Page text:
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Turbocharge your code builds with AWS CodeBuild

In this video, Mr.Brian FarnHill, Developer Specialist Solutions Architect at AWS explains how users can enhance their builds with different features like batch builds, code coverage reporting, and build level metrics.

In this video, Mr.Brian FarnHill, Developer Specialist Solutions Architect at AWS explains how users can enhance their builds with different features like batch builds, code coverage reporting, and build level metrics.

In addition, he also explains how builds can be made efficient by integrating with Amazon EFS, and how machine access can be established with the AWS session manager. This video will help in knowing the use cases that these different features enable and how you can use them beneficially to turbocharge your builds.

At 0:49, the speaker briefs the agenda which includes releases made by the CodeBuild team that have resulted in environmental improvements, reporting improvements, and integration improvements.

Environmental, Reporting and Integration environments

The speaker mentions that AWS CodeBuild has been very popular in the last few years. This is mainly because this integration service takes care of compiling the source code, executing the tests as well as producing software packages that can be immediately deployed. Users need not manage, provision or scale their own servers.

At 1:38, Mr.Brian mentions the releases made by the CodeBuild team during the year 2020. The release includes adding support for Amazon Elastic file system (Amazon EFS), AWS step function integration, adding notifications in slack, including test reporting, adding more shell environments, including AWS session manager support, including amazon Cloudwatch metrics, and adding code coverage reporting.

At 3:33, the speaker talks about the improvements in the environment that has been achieved with these new releases. He firstly briefs on ‘AWS session manager support’. Users can use the one-click browser-based shell or AWS CLI to know information and progress on an AWS session. Make sure to pause the build with ‘codebuild-breakpoint’ to allow troubleshooting and you can resume with the code-build resume.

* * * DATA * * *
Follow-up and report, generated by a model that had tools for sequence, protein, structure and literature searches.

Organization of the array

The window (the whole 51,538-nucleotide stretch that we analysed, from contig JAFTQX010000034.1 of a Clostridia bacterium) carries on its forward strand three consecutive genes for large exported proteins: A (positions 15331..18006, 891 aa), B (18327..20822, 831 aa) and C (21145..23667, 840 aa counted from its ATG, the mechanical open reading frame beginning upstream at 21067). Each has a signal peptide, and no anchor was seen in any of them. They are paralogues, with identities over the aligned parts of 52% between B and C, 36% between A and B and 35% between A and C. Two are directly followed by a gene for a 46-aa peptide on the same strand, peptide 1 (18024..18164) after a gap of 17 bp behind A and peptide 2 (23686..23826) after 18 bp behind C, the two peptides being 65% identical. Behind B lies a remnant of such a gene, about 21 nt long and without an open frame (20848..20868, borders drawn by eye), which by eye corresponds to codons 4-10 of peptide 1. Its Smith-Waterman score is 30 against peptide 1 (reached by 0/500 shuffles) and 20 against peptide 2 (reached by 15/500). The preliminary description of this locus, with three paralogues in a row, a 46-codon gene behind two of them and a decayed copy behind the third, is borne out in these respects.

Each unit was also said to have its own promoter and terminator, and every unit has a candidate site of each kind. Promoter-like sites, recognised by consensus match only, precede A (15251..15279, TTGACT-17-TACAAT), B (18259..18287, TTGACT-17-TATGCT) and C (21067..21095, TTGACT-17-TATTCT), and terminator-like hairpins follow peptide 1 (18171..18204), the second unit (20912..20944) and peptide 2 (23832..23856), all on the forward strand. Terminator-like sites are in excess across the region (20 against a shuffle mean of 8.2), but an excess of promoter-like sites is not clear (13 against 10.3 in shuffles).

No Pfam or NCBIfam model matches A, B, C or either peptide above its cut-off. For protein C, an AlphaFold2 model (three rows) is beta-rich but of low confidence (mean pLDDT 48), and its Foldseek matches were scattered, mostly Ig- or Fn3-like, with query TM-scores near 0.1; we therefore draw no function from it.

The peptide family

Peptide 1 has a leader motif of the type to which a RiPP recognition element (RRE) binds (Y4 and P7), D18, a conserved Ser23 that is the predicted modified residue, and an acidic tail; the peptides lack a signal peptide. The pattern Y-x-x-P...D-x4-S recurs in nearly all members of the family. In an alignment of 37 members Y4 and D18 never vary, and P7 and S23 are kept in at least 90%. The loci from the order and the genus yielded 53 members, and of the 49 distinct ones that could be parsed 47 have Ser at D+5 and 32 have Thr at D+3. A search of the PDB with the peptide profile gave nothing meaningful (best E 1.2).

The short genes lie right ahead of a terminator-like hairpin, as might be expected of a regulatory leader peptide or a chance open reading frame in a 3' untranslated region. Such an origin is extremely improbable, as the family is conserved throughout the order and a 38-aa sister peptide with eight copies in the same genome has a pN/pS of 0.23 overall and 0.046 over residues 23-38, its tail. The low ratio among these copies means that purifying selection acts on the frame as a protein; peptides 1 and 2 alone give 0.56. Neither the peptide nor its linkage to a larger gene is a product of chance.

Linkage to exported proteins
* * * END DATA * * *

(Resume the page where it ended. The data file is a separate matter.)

One other environment improvement is that we now have additional shell environments. The latest update is that bash support is now available in Linux and cmd support is available in Windows.

At 5:50, the speaker briefs that Amazon EFS and CodeBuild must be connected to an Amazon Virtual Private Cloud (VPC). With the latest update, Amazon EFS Shares can be connected to CodeBuild environments.

At 7:17, the speaker begins to explain the reporting improvements that were achieved as a result of these feature releases or updates. With the latest update, users can now see the unit test reports in a graphical fashion. This is not only restricted to unit tests, users can also view the detailed code coverage reports in a graphical fashion thereby helping people understand the data more easily.

At 8:19, the speaker briefs on utilization metrics on cloud watch. The metrics captured include CPU, memory, disk I/O. With the latest updates, you can view per build metrics within Code-Build.

At 10:15, Ms.Brian explains the integration improvements that were achieved as a result of releasing updates or features to the CodeBuild. The first is the ‘Parallel and coordinated build execution’. Three different types of orchestration (Building graph, list, and matrix) helps in defining the dependencies between the builds. This allows parallel execution of code builds based on the dependencies established through a graph, list, or matrix.

At 14:00, Mr.Brian talks about the ‘AWS Step function integration’ which is commonly used and appreciated by many people. Step functions can be used to automate complex builds. Conditionally include the builds that perform static code analysis, test, or integrate results into additional steps. AWS Step function integration works perfectly fine when the user is trying to do a continuous integration build and every single commit needs to be run and offer fast feedback to the user.

At 16:10, Mr.Brian outlines when to use step functions to build. AWS step function integration works well for continuous integration models, when you need to connect to additional AWS services like Amazon ECS, EMR, Glue, and for allowing concurrent execution of builds with multiple instances. This is then followed by the demo.


Once the user provides a ‘build project’ to the CodeBuild, the complete integration build process is taken care of. The developer needs to make sure that the ‘build project’ has information on how to run the build, and where to get the source code and what command to run, and also the location to store the build output.

In this video, the speaker begins by stating the different releases or updates that were made to the CodeBuild application during the year 2020. He also covers the environment improvements, reporting improvements that were achieved as a result of new releases. Now, the end-users can build their application through CodeBuild in a rapid way with a lot of benefits.

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